Libertarian Drama — Breaking overnight is news that the Alaska Libertarian Party has removed party chairman Terrence Shanigan. According to their press release, “Effective immediately.- By unanimous vote of the executive board, Terrence Shanigan has been removed as chair of the ALP for malfeasance and nonperformance. Jon Watts has graciously stepped up to fill the position.”
Days until the General Election — 25
Forbes-olous — There is an interesting article in Forbes about Alaska developers Jonathan Rubini and Leonard Hyde. The story is all about how the Alaska developers “act nothing like Donald Trump.”
Here is a snippet:
“In the real estate universe there are Donald Trump-style impresarios—and in a whole other galaxy, guys like Jonathan Rubini and Leonard Hyde. They’ve suffered just one lawsuit in 27 years of doing business, avoid high levels of debt, dread talking to the media, don’t like anyone knowing how rich they are and work out of Anchorage, Alaska, with the Chugach Mountains as their office backdrop.”
Truthers — On Monday a new independent expenditure group was created called The Truth Alaska. The group is clearly being formed to counter the union-funded Together for Alaska. We are told the group is being fronted by Republican insiders Bruce Schulte and Dan Coffey, Lobbyist Ashley Reed, and political consultant Art Hackney. So far they report only a $10,500 donation from the Associated Builders and Contractors, but we hear their goal is to raise $100K and will primarily target Senate seats B (Coghill vs. Hopkins) and N (Giessel vs. Beltrami). Kind of late to the party with 25 days to go.
Midnight Sun On The Air!!!! — Master of Morning Radio Rick Rydell (AM 650 KENI) has asked us to come on every week and share Friday in the Sun with his audience. So listen for our inside scoop every Friday morning at 7:35.
Reeling — The campaign for House Rep. Liz Vazquez appears to be reeling. Tales abound of her melting down at recent Republican gatherings and now she has filed her 30-Day APOC report 2 days late. Once she did file the report it showed she had only raised $44,757. That is a pretty paltry sum for a candidate widely regarded as being in a tough fight against a quality opponent in Independent Jason Grenn.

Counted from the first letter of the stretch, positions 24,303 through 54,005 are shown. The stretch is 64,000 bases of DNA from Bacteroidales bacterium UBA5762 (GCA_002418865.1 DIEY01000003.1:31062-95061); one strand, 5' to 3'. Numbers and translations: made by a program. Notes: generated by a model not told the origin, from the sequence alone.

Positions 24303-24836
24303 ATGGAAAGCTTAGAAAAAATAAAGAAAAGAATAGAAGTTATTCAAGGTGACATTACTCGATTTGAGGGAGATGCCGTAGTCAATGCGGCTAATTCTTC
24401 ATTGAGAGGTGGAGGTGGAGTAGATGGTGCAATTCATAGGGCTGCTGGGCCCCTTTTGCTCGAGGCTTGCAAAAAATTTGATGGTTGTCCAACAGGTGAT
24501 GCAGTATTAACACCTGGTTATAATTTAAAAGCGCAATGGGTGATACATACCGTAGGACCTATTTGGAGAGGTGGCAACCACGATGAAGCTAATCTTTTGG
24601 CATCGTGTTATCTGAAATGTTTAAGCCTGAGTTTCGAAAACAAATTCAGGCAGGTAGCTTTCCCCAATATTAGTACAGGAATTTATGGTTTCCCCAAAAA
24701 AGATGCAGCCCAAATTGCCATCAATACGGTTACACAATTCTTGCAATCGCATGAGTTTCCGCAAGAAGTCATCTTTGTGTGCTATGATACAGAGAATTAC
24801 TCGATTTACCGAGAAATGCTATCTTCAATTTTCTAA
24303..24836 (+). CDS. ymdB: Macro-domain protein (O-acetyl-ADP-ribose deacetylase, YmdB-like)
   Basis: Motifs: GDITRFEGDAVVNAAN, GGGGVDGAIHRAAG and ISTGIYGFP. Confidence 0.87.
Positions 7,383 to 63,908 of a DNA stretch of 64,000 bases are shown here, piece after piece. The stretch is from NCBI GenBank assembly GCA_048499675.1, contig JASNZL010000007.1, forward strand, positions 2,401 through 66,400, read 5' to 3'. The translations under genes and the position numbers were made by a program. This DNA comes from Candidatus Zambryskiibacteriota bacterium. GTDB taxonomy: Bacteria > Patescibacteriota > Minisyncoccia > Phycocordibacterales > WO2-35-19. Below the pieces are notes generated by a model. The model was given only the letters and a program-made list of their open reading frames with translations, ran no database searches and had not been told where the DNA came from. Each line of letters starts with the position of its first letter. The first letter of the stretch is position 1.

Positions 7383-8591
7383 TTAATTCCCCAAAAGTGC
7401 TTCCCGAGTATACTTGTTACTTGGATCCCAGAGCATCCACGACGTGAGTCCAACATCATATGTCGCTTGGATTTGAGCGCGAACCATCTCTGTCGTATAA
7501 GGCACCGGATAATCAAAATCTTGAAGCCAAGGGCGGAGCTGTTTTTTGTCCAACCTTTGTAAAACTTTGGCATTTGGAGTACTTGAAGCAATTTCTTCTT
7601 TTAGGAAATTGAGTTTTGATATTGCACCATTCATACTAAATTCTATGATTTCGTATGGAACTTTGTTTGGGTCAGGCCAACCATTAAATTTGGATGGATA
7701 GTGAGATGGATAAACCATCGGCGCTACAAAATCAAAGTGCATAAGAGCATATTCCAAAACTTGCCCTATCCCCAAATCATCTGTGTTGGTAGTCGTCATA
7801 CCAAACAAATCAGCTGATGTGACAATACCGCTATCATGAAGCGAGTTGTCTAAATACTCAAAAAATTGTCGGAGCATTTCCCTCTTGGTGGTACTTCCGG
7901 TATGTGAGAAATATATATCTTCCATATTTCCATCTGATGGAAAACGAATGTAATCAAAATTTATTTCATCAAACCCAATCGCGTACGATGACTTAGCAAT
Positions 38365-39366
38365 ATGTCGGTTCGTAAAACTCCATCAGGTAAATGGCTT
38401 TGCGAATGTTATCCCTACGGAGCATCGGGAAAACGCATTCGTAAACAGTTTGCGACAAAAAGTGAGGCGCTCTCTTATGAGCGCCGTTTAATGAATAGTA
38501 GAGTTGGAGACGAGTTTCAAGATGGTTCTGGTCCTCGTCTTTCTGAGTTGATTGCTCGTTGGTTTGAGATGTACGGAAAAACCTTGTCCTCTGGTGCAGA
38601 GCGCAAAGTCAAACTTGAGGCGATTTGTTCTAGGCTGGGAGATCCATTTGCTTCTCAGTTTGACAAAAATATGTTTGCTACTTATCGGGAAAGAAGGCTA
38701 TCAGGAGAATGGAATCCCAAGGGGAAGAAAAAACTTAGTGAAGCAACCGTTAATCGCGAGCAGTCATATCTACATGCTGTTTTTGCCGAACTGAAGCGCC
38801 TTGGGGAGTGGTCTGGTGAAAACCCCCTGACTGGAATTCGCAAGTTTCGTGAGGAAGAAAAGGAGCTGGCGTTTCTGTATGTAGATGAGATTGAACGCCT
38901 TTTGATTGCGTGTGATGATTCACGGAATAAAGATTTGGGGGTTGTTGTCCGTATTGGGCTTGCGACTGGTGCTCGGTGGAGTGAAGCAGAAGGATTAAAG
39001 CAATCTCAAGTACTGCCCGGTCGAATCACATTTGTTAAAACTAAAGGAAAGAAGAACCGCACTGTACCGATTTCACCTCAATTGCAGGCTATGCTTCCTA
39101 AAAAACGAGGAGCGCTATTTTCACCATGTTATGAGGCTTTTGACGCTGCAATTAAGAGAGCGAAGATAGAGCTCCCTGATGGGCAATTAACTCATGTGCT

Adding to that is the fact her APOC report shows she is spending money to hire lawyers to send letters to people running ads against her and hire a “brain trust” of “political consultants” Bernadette Wilson and Michael Chambers (Note-the quote marks in this sentence were actually us air quoting so hard we nearly sprained something).
Finally, going not unnoticed by politicos of all stripes is that Grenn’s latest fundraiser flier lists Ed Rasmuson and Jim Jansen as hosts. They are well-known pro-business boosters for Republican candidates. In fact, both are past donors to Vazquez herself. That they have apparently jumped ship to Grenn is a canary in the coal mine for Vazquez’ campaign. One senior republican involved in the party’s campaign strategy told us yesterday “put a knife in Liz, she is done.”
Smoke Signals — We are hearing a lot of rumors about Mat-Su Republican Senator-elect David Wilson meeting with Democrats Tom Begich and Sen. Berta Gardner. Does that mean Wilson will organize with a bi-partisan crew? Not necessarily, but it does sound like Senate R’s are a little worried about it.
Another interesting sign of where the senate majority may be headed can be found on the flyer for the recent fundraiser for Wilson and fellow all-but-certain Mat-Su Republican Senator to be Shelly Hughes. The event was clearly more to help Hughes than Wilson and listed as sponsors for the event are all the current Republican Senator except Sen. Bert Stedman, Sen. Gary Stevens, and Sen. Click Bishop. Is that maybe an indication of where Senate organizational lines may be drawn?
It is an interesting issue to follow in campaigns because the issue and bill itself has strong defenders and harsh critics on both sides of the political spectrum.
Republican legislators, including Coghill, overwhelmingly supported the bill, but many of the most conservative members and constituency groups attacked the bill as “soft on crime.” Rep. Liz Vasquez referred to it at a recent debate as the “catch and release bill.”